Test driving my new car – what to look out for?
Friday, 16 December 2016 10:45
Are you considering taking a potential car purchase out for a test drive? Here are some things to consider to make the most of your test drive.
Is the test drive vehicle similar to the model you intend to buy, or are there additional options you aren't interested in or don't want to include? You may not be getting an entirely accurate experience of your vehicle if it's the latter case1.
Some vehicles will have a variety of different modes, such as four-wheel-drive, economy or sports. Make sure to check them all to ensure you know the full capabilities of the vehicle1.
Next, consider driving in a wide variety of different road and traffic conditions2. Try both freeway and city driving, up and down hills as well as on flatlands and, if you can, different road surfaces. All this will give you the opportunity to see how the vehicle adapts to different conditions, and is also why it may be a good idea to set your own route rather than following somebody else's (such as the car yard salesperson)2.
The test drive may not only be about the performance of the vehicle – it can be about comfort too. The average Australian commute is 15.6km3, and that doesn't include weekend driving either - so you don't want to be in a car that is uncomfortable. Adjust the driver seat, the steering wheel and the mirrors, and also check the rear view for visibility. Head into a quiet carpark or road and try the reversing and parallel parking manoeuvres too4.
You may also want to consider taking a friend with you. That way, you can get a different perspective on the car, as well as getting an evaluation of the passenger seating. It's not only about the comfort of the driver, after all5.
Safety should also be a primary concern, regardless of whether you are buying new or used. However, pre-owned cars may be more likely to have ongoing issues from previous damage6. Check for any rattling sounds as you drive over speed bumps, and be sure to check the brakes as well for responsiveness7.
For used cars, consider observing the exhaust for smoke while accelerating and, if it's safe to do so, check the actual alignment of the car. If you feel the car pull to one side while driving in a straight line, the car may need repair work done by a qualified mechanic to fix the issue8.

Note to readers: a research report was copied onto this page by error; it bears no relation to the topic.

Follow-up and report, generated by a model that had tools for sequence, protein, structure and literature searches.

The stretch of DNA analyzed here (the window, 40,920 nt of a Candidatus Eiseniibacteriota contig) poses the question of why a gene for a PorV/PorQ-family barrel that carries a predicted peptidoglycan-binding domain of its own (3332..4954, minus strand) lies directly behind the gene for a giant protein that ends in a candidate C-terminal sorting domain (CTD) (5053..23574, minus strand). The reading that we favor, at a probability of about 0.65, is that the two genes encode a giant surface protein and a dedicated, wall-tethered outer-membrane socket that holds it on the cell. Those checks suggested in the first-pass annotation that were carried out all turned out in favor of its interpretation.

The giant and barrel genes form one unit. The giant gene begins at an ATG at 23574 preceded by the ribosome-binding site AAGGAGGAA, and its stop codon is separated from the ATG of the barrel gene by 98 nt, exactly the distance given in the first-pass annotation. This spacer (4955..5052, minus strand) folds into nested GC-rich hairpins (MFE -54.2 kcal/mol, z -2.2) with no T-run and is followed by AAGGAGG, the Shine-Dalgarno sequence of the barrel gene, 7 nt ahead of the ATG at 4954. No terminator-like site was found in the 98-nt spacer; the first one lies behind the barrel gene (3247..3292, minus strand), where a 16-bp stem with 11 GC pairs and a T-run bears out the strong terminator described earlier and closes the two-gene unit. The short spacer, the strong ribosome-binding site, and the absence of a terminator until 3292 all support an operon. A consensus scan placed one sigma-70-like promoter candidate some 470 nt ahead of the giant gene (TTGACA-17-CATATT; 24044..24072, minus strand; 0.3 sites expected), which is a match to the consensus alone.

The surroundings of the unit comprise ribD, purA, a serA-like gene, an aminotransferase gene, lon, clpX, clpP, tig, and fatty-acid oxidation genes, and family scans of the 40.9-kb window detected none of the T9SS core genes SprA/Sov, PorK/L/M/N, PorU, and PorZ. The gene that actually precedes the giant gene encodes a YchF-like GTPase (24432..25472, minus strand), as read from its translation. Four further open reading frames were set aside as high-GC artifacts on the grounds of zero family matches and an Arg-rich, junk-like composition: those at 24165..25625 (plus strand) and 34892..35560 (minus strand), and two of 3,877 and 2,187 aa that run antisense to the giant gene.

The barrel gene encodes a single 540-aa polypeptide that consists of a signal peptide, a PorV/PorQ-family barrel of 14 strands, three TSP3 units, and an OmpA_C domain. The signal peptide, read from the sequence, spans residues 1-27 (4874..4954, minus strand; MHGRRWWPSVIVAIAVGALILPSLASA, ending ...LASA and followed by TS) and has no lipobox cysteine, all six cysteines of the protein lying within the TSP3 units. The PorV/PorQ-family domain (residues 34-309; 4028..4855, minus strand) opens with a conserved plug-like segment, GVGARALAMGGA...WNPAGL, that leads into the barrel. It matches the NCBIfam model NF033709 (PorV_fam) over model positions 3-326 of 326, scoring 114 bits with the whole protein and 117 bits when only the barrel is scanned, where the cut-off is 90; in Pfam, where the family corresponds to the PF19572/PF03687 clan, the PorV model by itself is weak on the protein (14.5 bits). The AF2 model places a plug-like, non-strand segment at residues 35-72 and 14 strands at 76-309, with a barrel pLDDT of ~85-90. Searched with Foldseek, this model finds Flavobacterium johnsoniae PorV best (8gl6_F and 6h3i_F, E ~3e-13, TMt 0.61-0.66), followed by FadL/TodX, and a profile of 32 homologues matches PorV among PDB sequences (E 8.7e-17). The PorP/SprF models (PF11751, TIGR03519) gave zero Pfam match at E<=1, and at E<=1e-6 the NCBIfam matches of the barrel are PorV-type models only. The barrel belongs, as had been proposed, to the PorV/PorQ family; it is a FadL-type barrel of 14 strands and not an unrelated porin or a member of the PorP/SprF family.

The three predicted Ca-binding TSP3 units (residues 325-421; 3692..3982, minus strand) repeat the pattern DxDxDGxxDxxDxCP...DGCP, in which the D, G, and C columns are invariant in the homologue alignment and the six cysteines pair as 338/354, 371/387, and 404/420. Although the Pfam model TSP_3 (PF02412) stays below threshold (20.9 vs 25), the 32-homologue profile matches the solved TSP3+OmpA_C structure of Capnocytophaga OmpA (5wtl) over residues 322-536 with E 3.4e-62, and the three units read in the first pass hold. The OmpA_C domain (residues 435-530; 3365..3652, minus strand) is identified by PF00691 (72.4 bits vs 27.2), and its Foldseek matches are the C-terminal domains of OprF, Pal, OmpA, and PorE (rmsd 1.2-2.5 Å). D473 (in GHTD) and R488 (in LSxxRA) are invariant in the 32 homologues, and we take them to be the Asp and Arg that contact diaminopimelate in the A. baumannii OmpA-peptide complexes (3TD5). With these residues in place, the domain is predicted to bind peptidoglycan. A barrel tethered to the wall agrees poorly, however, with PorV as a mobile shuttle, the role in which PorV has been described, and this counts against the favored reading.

Consider your everyday use, not just the performance and comfort of the vehicle. If you are intending to have younger children as passengers, ask about or investigate child seat mounting options. The same concept goes for cargo. For example, do your golf clubs, snow skis or surfboards fit? Consider coming prepared with measurements.
Lastly, consider checking the miscellaneous features of the car. Cruise control, voice control and bluetooth if fitted, as well as the radio, the aux cord and device charging capability9. The air conditioning is a must to try as we head into a hot Australian summer, while the windscreen wipers, headlights, horn, brake lights and indicators should all be reviewed as well10.
Some of these are merely advanced features, but others are a safety, performance and comfort must. Don't forget about them.
Depending on the vehicle you are looking at, there may be some other features that you need to check. If you are uncertain of anything about the car, feel free to ask the seller about every facet of the car you are concerned about, and don't be pressured into an immediate sale. It's better to be accurate and considered than impulsive - or you could end up with buyer’s remorse.
For more tips and tricks about your car, check out the rest of the IMB blog.